There’s a line in particular where Steve mentions knowing Howard as a young man and Tony, bitterly, says “I hated you,” giving a glimpse into a childhood that built Tony to be who is today. I’m ready to see Tony happy and healthy after a few films that have seemed to want to throw him through the emotional ringer. It’s fascinating to see just how steadfast Steve remains in his beliefs by the end of the film, so sure of his pride and trust in his friends, while Tony is at the end of the spectrum with constant doubt over what he and his team have done under the guise of playing hero.
There was never going to be an easy answer to the battle waged in this film, especially with all comic book fans expecting Steve to die. While I am very pleased he didn’t, the film managed to create enough emotional strife with how tethered the group we’ve come to love are by the end of the film. These wounds they’ve inflicted upon each other are lasting. The third act of this film is so strong because while it could have taken the expected, shock value approach of killing Steve, they instead generate pain in Tony’s belief that Steve is going to kill him, in Black Panther finding it in him to let his need for vengeance go, and with Tony’s stricken “he killed my mom.” Death and destruction doesn’t always guarantee emotional payoff or even investment but well developed characters losing faith in each other, especially in this situations, lands a harsh blow.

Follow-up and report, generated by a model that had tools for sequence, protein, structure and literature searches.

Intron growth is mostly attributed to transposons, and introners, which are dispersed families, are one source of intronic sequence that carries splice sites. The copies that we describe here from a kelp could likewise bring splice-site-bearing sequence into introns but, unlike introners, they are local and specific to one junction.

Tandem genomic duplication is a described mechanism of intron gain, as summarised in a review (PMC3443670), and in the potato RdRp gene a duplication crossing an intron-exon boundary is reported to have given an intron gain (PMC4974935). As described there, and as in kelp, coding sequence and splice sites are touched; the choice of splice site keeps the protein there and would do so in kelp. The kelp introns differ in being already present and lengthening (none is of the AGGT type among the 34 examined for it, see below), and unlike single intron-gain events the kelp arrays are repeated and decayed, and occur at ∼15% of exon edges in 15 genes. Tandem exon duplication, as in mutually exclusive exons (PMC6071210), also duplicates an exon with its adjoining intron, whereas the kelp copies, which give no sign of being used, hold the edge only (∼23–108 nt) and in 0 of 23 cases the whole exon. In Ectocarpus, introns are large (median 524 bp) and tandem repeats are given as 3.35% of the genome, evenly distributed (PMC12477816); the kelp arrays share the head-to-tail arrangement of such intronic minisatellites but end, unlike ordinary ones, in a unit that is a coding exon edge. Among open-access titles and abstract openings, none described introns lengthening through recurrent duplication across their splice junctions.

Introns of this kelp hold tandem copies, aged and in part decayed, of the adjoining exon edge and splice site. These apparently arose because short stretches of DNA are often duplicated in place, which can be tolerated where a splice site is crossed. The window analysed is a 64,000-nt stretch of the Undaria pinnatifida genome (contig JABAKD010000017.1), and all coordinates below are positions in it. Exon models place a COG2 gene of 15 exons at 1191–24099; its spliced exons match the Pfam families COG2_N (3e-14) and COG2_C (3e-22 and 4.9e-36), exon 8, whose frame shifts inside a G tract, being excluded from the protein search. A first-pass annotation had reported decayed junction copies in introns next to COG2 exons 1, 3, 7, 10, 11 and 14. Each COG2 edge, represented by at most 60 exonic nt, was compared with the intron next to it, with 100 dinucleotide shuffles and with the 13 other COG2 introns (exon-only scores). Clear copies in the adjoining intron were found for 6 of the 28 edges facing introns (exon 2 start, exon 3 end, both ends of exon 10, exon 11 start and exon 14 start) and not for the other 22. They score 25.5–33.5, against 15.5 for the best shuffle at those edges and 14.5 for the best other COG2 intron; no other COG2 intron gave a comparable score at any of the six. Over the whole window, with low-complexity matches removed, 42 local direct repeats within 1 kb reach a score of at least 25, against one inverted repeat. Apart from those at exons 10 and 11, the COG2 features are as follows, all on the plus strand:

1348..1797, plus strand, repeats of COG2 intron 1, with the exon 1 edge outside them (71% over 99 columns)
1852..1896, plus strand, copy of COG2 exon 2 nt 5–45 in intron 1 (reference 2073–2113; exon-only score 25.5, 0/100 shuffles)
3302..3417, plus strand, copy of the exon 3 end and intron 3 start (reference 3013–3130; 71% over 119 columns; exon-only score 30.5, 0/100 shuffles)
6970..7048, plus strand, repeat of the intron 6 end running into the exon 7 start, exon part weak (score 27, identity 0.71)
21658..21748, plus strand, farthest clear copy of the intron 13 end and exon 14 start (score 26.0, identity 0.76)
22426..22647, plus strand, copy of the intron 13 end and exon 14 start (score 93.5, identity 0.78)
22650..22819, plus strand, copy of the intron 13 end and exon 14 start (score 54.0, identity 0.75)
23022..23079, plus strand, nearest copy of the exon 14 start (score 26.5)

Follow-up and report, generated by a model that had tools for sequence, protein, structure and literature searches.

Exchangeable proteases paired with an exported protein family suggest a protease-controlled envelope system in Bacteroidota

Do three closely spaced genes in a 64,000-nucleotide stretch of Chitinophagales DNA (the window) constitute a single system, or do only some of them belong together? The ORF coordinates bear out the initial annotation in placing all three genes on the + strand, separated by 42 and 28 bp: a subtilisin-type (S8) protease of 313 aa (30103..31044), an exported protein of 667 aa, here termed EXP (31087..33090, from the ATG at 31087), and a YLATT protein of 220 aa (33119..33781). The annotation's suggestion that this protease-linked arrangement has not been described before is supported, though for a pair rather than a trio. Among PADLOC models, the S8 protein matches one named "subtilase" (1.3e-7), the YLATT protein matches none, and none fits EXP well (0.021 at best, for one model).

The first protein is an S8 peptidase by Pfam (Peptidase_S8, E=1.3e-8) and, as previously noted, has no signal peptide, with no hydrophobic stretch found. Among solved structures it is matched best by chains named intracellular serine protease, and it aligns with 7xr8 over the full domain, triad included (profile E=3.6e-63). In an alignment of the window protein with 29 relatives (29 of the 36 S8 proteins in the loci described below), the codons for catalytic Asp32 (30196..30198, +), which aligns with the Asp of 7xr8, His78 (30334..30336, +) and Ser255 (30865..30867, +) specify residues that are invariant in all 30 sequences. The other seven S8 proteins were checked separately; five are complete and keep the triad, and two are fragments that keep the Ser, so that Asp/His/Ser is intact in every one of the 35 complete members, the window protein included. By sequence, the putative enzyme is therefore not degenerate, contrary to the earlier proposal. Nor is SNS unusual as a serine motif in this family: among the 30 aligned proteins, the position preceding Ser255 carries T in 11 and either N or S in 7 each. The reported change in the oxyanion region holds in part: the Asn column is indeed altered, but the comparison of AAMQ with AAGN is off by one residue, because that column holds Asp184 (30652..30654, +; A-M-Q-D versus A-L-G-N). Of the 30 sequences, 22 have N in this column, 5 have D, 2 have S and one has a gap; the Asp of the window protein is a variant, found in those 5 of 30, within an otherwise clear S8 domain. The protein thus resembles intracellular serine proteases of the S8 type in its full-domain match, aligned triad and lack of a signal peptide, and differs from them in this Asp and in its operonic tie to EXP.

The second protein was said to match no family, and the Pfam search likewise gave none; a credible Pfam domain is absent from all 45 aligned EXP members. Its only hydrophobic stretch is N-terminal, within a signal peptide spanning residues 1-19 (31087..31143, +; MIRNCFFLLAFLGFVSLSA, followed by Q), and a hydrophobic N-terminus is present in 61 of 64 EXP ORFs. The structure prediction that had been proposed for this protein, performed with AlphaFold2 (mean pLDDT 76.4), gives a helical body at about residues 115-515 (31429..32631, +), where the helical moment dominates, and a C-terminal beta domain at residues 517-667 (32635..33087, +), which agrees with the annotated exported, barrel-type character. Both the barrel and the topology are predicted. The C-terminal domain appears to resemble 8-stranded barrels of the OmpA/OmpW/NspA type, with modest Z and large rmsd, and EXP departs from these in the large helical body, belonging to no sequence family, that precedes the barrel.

Zemo’s plan all along was to break the Avengers from the inside, and he did. He was acting purely on revenge, just as Tony was when he attacked Bucky, and in the end he got what he wanted. The Russo’s leave us in a place of melancholy with the team as they go their separate ways.
(UNTIL THE INFINITY WARS)
*Which, I might add, is another reason I’m glad Steve didn’t die because what were the odds of him not returning for the final two installments?